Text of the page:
Monday, 1 April 2013

Out of the Congo and into Northern Rhodesia

March 11 1953 (Wednesday) Land Mileage 6774

It was still raining when we woke and impossible to do anything other than carry on driving!   The roads were diabolical and the vehicle was covered in mud. The side screens were impossible to see through, so Dad tried to wipe his side off with his right hand to see if he could improve his vision. This turned out to be a huge mistake, as we swerved slightly to the left and landed in a very deep ditch. We tried to push the vehicle out, but all we achieved was to get covered with a spray of mud!    There was not a soul in sight, which, due to the weather conditions, did not really surprise us. Dad got out the tow rope, tied one end to a tree and attached the other to the winch.
Well and truly stuck in the mud!

Thank heaven for Dad's mechanical engineering background and even then the addition of the winch back in Bath was a last minute thought!   It successfully did the trick and we were "back in business" again. We went only a little further before we stopped for a belated and much needed breakfast. At 09h15 we got under way again, as we wanted to move on as quickly as possible.  We were afraid that the rains would cause total havoc and we would find ourselves stranded in the Congo, with all the problems that would entail. 

After a very stressful drive, we arrived at Jadotville (now called Likasi) at 11h30. It was quite a large mining town and the biggest settlement we had seen for some time. It was a pleasure to be back on a decent road again!   We stopped at a garage, to be told that the road we were intending to go on was very bad, so Dad decided that he should re-check the vehicle and make sure that everything was tightened up. We didn't think anything could be much worse than where we had come from, but perhaps we were wrong! We went to the hotel to have a good meal, as we were all a little tired of only being able to eat snacks. Cooking had been impossible for the past couple of days. We had a look around the shops until the Land Rover was ready and managed to buy some fresh stores to take with us. I was fascinated by some chocolate 'gold watches', some of which I was bought!     We resumed the route, to find the road was far better than many that we had already been on. The people, who thought that this was bad, should have tried some of the other roads we had driven on!

We kept going until 17h00 and after driving through a couple of small villages, we found a place to camp for the night and the rain by then had stopped.

March 12 1953 (Thursday) Land Mileage 6947

An early start back on the road again, heading for Elisabethville (now Lubumbashi). We did not have far to go, but the road was very slippery and muddy. We drove into the town at 07h30 where we stopped to fill up the fuel tanks and then straight back on the route once more. We carried on until lunch time with the road fairly wet, but it certainly could have been far worse. We knew that we did not have far to go to reach the village of Sakania and the customs post into Northern Rhodesia (now Zambia), so while having our lunch break we had a good clean up as well. We arrived at the Customs at 13h10 where we had to have everything checked once more, including the guns and the cameras. We had no problems and by 14h30 we were driving on a pretty good road, arriving at Ndola in Northern Rhodesia in the middle of the afternoon. (Ndola is the third largest city in Zambia. It is the industrial and commercial centre of the Copperbelt, Zambia's copper-mining region, and capital of Copperbelt Province.) We reported to the Police and the Insurance Company and then went on to the Customs. The latter for some reason said they did not want to see us. We had a look around the town and decided that perhaps we should stay there the night, so we could have a good clean and tidy up. We managed to find the Rhodes Hotel and booked in there. We all wallowed in hot baths and felt very much better for it!   After dinner, David and I both opted for an early night, while Mum and Dad sat chatting in the lounge for a while to a couple of people we had met there earlier.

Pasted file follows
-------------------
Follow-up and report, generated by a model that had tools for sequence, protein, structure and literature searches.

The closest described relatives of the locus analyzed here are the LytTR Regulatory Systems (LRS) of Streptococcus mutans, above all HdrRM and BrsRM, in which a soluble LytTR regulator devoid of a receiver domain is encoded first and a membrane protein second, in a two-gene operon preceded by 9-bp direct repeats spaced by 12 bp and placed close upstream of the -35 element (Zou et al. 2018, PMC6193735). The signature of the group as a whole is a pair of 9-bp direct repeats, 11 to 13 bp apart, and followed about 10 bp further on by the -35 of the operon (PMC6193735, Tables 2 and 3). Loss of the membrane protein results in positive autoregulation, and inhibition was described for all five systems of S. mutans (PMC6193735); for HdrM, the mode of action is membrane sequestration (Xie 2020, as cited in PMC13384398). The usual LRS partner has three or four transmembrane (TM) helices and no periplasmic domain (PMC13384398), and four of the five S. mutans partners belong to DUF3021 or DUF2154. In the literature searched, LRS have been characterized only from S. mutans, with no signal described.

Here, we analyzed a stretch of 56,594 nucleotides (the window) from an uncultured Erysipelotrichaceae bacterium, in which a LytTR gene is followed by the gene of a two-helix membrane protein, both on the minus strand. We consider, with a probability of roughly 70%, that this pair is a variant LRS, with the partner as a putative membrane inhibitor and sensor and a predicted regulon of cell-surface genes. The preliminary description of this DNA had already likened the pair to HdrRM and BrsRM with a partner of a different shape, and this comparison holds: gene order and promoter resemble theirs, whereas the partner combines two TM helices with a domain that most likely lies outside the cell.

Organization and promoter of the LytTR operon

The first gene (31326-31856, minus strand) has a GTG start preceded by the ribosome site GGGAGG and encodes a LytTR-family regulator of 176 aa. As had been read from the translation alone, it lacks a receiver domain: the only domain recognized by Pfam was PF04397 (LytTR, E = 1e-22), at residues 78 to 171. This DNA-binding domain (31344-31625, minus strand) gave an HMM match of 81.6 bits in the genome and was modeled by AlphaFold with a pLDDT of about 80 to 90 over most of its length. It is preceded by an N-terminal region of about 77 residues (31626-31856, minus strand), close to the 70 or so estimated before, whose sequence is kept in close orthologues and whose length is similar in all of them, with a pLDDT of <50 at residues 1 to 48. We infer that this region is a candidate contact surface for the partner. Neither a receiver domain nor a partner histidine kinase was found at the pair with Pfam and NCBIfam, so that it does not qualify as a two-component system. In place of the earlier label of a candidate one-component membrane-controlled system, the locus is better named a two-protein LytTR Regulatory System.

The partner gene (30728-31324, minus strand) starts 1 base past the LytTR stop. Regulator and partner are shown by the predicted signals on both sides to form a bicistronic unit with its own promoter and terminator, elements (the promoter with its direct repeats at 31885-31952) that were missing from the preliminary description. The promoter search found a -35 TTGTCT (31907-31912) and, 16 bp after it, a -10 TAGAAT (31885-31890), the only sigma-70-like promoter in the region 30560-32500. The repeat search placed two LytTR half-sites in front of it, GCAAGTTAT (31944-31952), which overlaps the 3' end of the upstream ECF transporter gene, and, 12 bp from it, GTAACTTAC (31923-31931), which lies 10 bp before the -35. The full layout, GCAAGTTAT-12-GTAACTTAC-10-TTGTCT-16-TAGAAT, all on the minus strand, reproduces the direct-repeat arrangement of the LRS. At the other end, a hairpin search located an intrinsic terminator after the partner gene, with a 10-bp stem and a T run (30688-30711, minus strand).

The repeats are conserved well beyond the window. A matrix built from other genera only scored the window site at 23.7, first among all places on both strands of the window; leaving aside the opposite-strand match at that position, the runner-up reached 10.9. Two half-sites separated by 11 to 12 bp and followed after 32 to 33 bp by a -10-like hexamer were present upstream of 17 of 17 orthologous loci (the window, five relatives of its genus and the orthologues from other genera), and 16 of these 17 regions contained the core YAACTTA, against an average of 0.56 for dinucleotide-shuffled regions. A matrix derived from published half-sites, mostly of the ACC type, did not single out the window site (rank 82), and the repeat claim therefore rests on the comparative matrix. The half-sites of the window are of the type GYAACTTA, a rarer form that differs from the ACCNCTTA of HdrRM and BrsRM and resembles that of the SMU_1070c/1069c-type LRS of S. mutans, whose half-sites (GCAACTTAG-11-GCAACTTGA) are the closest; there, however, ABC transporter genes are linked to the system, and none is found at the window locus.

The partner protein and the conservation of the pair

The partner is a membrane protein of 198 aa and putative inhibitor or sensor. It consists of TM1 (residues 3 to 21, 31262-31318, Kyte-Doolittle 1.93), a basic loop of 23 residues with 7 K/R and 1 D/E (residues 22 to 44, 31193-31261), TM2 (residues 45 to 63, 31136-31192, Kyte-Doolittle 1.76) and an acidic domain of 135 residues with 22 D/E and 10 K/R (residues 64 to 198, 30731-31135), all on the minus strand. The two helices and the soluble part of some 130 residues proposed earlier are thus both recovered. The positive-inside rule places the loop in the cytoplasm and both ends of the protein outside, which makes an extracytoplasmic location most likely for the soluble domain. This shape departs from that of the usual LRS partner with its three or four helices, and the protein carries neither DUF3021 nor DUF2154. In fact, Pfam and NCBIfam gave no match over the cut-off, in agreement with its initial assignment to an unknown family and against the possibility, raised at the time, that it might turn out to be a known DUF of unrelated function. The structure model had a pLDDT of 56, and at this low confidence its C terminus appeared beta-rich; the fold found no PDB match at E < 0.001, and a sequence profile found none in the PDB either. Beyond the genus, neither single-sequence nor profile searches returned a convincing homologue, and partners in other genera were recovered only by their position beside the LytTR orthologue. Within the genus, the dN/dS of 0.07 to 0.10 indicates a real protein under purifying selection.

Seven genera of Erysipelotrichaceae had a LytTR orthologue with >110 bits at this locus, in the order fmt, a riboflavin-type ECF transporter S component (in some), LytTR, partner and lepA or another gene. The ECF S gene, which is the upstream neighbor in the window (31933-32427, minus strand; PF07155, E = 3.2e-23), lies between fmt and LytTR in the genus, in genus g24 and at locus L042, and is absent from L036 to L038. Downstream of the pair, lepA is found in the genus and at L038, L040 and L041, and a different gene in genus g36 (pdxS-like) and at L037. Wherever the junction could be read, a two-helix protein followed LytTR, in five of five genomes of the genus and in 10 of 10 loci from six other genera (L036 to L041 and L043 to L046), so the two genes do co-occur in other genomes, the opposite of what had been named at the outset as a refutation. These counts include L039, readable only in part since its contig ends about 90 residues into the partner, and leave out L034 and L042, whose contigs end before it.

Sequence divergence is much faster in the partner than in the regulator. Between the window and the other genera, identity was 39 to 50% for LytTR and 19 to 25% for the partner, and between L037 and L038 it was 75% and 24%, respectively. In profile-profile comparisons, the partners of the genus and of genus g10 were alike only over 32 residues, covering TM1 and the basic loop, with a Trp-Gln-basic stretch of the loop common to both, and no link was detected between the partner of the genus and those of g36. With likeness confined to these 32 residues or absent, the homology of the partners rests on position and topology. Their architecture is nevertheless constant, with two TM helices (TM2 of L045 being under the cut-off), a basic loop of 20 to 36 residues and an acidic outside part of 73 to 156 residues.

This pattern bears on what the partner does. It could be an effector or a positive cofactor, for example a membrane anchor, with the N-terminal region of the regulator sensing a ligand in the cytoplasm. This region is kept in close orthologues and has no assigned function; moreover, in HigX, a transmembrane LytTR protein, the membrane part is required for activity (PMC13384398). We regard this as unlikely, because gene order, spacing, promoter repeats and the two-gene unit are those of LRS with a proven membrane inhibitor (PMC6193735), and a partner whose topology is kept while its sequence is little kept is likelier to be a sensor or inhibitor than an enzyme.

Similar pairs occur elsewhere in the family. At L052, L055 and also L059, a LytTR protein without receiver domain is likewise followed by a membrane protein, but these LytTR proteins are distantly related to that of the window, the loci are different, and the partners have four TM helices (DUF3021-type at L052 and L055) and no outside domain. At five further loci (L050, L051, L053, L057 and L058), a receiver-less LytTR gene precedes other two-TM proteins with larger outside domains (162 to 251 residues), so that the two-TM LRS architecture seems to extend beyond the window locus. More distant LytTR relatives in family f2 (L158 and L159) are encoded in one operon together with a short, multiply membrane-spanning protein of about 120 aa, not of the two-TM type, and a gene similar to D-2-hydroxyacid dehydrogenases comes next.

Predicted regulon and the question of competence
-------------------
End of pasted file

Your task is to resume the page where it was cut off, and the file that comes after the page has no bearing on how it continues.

We do not seem to have taken photos in Ndola. The above photos   are from The people who put up this site appear to be on a permanent sabbatical (their words), so if they should see these photos, I hope that they appreciate that I did try to get permission to reproduce them here!

To be continued :-) 

I have put this section of my life story on Kindle if you should be interested:-


  1. The top photo reminds me of what happened to me several times in the rainy season when I spent one year and a half in Angola back in the 70's.

    1. JM I am sure it was an experience that you could have done without! Thank goodness we had the winch. Keep well Diane

  2. This piece made me remember that some years ago i knew a person born at Lubumbashi. He spoke to me also about the question of Katanga and the civil war happened there after the period You narrated.

    Ndola seems very nice. That must be a very interesting area!

    1. Gio Ve the civil war was very sad as it is a beautiful country, I would love to visit those areas again but I doubt if it will happen now. My husband used to do quite a lot of work in Zambia just over 12 years ago and he said the country was very settled at that time and he enjoyed it there. Have a good week Diane

  3. Golly gosh you were lucky that you had the winch to get you out of that ditch. I can imagine how wonderful a hot bath and a decent meal must have been after this harrowing part of our trip.

    1. diane you are so right, with out the winch we may still have been there. LOL. Thanks for the comment, Diane


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